Anyone wondering what the official position of the Seventh-day Adventist Church might be on vaccines in general, and COVID-19 vaccines specifically, may take note of an article in the December 18, 2020, edition of the Adventist Review entitled “COVID-19 Vaccines: Addressing Concerns, Offering Counsel.”4 The church’s official declaration on immunization “places strong emphasis on health and well-being. The Adventist health emphasis is based on biblical revelation, the inspired writings of E. G. White (cofounder of the church), and on peer-reviewed scientific literature.” A “responsible” attitude to immunization/vaccination is urged, advising that “no religious or faith-based reason” exists for avoiding “protective and preventive immunization programs.” The statement goes on to emphasize both the importance of community health and of individual conscience: “We value the health and safety of the population, which includes the maintenance of ‘herd immunity.’ We are not the conscience of the individual church member, and recognize individual choices. These are exercised by the individual. The choice not to be immunized is not and should not be seen as dogma nor the doctrine of the Seventh-day Adventist Church.”5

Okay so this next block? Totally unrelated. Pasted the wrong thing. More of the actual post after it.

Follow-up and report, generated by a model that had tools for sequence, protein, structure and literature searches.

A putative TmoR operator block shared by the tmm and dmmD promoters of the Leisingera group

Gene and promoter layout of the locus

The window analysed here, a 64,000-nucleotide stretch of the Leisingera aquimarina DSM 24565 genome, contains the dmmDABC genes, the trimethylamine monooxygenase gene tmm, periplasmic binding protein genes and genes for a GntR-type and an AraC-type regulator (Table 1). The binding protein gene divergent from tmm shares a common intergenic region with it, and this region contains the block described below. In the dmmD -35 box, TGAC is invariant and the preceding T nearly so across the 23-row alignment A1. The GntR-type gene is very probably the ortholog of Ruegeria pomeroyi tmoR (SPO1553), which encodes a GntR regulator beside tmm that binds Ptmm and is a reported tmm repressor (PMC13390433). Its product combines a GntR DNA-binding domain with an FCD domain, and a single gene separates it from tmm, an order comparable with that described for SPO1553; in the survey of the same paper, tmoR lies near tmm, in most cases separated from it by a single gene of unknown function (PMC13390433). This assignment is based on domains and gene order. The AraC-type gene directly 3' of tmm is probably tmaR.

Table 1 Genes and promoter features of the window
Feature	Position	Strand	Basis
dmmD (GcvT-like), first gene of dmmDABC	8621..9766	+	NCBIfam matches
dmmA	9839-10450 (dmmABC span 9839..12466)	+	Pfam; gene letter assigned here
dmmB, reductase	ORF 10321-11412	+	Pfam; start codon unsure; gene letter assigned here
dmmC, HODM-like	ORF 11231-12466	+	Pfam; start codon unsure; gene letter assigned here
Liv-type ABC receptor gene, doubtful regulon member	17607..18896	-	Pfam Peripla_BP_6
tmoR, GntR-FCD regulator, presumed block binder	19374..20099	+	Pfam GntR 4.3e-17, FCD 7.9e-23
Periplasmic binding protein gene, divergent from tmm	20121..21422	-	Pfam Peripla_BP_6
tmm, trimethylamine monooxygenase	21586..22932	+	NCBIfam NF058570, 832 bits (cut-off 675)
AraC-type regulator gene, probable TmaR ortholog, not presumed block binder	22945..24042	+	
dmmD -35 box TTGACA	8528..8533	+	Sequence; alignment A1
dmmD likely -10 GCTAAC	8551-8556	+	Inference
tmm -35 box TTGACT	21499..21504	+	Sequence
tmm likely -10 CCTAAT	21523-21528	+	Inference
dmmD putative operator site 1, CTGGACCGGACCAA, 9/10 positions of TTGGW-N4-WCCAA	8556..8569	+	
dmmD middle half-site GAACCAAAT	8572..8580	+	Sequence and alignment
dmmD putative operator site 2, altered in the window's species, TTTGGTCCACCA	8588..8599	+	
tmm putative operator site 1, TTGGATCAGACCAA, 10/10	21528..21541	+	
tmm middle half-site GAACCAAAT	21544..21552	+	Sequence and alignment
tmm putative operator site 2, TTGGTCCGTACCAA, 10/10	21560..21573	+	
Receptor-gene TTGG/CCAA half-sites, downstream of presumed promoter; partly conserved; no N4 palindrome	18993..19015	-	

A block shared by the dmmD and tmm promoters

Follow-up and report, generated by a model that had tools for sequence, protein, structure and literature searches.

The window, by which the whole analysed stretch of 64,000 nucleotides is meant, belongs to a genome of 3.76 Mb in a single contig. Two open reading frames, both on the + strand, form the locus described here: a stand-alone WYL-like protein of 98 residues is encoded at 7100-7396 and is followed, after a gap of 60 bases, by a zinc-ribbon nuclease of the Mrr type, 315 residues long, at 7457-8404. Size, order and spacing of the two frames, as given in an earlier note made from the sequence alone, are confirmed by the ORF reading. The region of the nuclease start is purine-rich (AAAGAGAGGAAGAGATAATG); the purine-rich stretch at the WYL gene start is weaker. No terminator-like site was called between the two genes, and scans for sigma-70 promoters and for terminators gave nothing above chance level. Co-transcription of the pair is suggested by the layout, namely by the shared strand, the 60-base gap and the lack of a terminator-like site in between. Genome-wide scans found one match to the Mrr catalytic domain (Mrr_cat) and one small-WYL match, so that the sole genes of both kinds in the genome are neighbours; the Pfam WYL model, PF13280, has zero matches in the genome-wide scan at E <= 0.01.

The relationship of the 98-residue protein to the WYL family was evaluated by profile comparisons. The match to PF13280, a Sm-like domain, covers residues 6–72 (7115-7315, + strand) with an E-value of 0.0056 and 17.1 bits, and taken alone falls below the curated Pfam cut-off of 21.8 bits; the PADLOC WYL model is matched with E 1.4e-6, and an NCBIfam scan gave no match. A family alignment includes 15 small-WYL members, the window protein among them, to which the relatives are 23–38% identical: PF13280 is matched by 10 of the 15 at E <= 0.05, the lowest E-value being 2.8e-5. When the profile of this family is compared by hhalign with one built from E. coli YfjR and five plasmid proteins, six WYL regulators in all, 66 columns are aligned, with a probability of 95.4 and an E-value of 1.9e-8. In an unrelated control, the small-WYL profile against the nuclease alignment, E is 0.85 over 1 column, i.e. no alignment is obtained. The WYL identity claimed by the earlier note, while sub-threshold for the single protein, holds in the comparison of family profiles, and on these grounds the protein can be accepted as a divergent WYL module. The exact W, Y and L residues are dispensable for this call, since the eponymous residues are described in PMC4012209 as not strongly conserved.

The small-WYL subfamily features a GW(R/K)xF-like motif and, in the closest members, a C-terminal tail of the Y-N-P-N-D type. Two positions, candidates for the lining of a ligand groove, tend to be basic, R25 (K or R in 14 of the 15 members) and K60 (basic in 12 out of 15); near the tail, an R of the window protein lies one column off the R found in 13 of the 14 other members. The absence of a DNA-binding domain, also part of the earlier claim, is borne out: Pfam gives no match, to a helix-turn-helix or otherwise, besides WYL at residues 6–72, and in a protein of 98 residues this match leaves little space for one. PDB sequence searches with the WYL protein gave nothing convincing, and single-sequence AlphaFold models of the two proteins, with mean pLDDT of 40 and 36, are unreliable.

Despite the continuing research of the Centers for Disease Control (CDC) in the United States, and despite the church’s clear counsel on the issue of vaccines in general and COVID-19 vaccines in particular, zealous monologues, passionate speeches, and energetic, fervent, and furious diatribes continue to be heard against vaccination. The CDC response to questions on the safety of the COVID-19 vaccines is firm: “Millions of people have safely received a COVID-19 vaccine. More than 52 million doses of COVID-19 vaccines were administered in the United States from December 14, 2020, through February 14, 2021. COVID-19 vaccines are safe and effective” (April 13, 2021).6
And to a question, specifically about how effective the Moderna COVID-19 vaccine is, the CDC replied: “Based on evidence from clinical trials, the Moderna vaccine was 94.1 percent effective at preventing laboratory-confirmed COVID-19 illness in people who received two doses who had no evidence on being previously infected” (April 5, 2021).7